Atlas Obscura
Your Guide to the World's Hidden Wonders

Nov. 25 2016 12:30 PM

What Was Wrong With 16th-Century Europeans That They Didn’t Like Tomatoes?

Atlas Obscura on Slate is a blog about the world’s hidden wonders. Like us on Facebook or follow us onTwitter.

There are some people who don't like tomatoes. It's confusing, and wrong, but a fact. However, this reporter believes that tomatoes are the perfect food. As this summer fruit comes into season on the East Coast, if they are red, ripe, and juicy, I could eat them for every meal—sprinkled with salt and drizzled in olive oil, set between two pieces of mayo-slathered bread (Harriet the Spy–style), as a BLT, the best sandwich ever invented, or in basically any combination with corn. Or basil. Or cheese.

Back when tomatoes first came from this side of the Atlantic to Europe, though, Europeans were a whole continent of tomato skeptics. They grew them only in gardens—as ornamental plants—and ate them rarely, if ever. And as a tomato lover, I wondered—what was 16th-century Europeans’ problem? How did they not fall in love with tomatoes at their first opportunity?

It seemed unlikely that the tomatoes themselves were the issue. South and Central Americans had already done the long work of domesticating the tomato plant; the seeds that Spanish travelers brought back grew lumpy red tomatoes similar to today’s “heirloom” varieties. In southern Spain, where tomatoes were first grown in Europe, the climate was favorable for tomato plants, and it seems likely that tomatoes would have been eaten freshly pulled from the vine, i.e., in their ideal state.

Perhaps the problem was the way Europeans were preparing them. Faced with this new, daring food, what did they do with it? If I could try out the recipes they were using, I might be able to understand why they didn’t take to tomatoes.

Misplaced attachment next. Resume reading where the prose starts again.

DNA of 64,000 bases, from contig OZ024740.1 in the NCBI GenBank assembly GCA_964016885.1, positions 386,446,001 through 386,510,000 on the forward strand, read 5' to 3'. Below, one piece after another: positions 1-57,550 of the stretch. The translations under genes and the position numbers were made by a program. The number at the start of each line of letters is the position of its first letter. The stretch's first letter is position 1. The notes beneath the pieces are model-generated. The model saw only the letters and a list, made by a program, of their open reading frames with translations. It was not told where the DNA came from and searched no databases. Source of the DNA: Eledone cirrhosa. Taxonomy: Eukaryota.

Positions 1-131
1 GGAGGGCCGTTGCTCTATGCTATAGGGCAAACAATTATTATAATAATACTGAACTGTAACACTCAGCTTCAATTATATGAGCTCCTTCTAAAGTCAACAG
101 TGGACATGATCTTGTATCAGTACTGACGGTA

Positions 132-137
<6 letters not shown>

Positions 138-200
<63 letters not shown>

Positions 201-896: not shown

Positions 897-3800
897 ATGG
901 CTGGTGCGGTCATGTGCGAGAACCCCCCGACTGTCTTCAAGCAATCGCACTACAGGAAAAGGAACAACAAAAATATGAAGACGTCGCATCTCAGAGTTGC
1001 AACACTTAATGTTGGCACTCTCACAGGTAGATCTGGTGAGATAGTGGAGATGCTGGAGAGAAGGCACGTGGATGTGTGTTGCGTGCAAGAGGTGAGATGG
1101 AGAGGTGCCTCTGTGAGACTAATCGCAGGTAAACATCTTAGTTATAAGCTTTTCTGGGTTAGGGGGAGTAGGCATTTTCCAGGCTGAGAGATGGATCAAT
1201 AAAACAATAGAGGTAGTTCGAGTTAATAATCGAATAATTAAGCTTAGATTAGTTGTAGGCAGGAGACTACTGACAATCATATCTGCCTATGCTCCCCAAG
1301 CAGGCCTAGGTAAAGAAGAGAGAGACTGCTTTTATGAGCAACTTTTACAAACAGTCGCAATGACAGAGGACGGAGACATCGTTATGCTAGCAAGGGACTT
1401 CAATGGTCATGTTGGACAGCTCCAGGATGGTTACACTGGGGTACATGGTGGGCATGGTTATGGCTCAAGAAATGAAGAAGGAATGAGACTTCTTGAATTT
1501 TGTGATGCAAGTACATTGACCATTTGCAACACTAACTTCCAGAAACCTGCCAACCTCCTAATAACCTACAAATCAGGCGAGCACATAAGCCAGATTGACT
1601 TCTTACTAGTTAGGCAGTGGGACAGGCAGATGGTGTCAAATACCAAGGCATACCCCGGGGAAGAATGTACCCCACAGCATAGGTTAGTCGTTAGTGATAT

Nov. 24 2016 8:30 AM

The Giant Ghibli Clock

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Officially called the “NI-TELE Really BIG Clock,” four or five times a day this wacked out symphonic mega machine spins, dances, whirs, and clanks. And as a side gig, it also tells the time.

The giant clock is in the Shiodome section of Tokyo, at the Nittele Tower (headquarters of Nippon Television). It was designed by Hayao Miyazaki, the renowned director and co-founder of Studio Ghibli, and while it’s not exactly drawn from his 2004 film Howl’s Moving Castle, it’s been likened to the aesthetic of the anime classic.

Nov. 23 2016 12:30 PM

Exploring the Strange Pleasures of Cockaigne, a Medieval Peasant’s Dream World

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The dream of the common person’s utopia was more than a little bit different during medieval times. Whereas today we have visions of lands o’ plenty like a huge mountain made of rock candy, the common peasant living in the muck and the mire of medieval Europe had a whimsical, satirical dream land known as Cockaigne.

While there have been many different versions of Cockaigne appearing in literature throughout the ages, in general, the Land of Cockaigne was a medieval dream world where the regular order things was flipped on its head. In Cockaigne, the poor would be rich, food and sex were freely available, and sloth was treasured and respected above all else. It was often portrayed as the perfect daydream of the common peasant, a place where the drudgery and struggle of medieval life was nowhere to be seen. However, even though it was depicted as a serf’s perfect world, it’s unclear how aware of the concept of Cockaigne the average person would have been.

This literal land of milk and honey made its mark in the popular imagination thanks to countless poems and writings that began to appear all across medieval Europe from the 1300s onward. “It’s very hard to say how well common people would have known of Cockaigne,” says Karma Lochrie, author of the book Nowhere in the Middle Ages, which looks at the medieval origins of utopian thought. “We know that visions of Cockaigne existed in all major European languages in the Middle Ages and beyond, but these visions would have only been accessible to elite readers who could read.”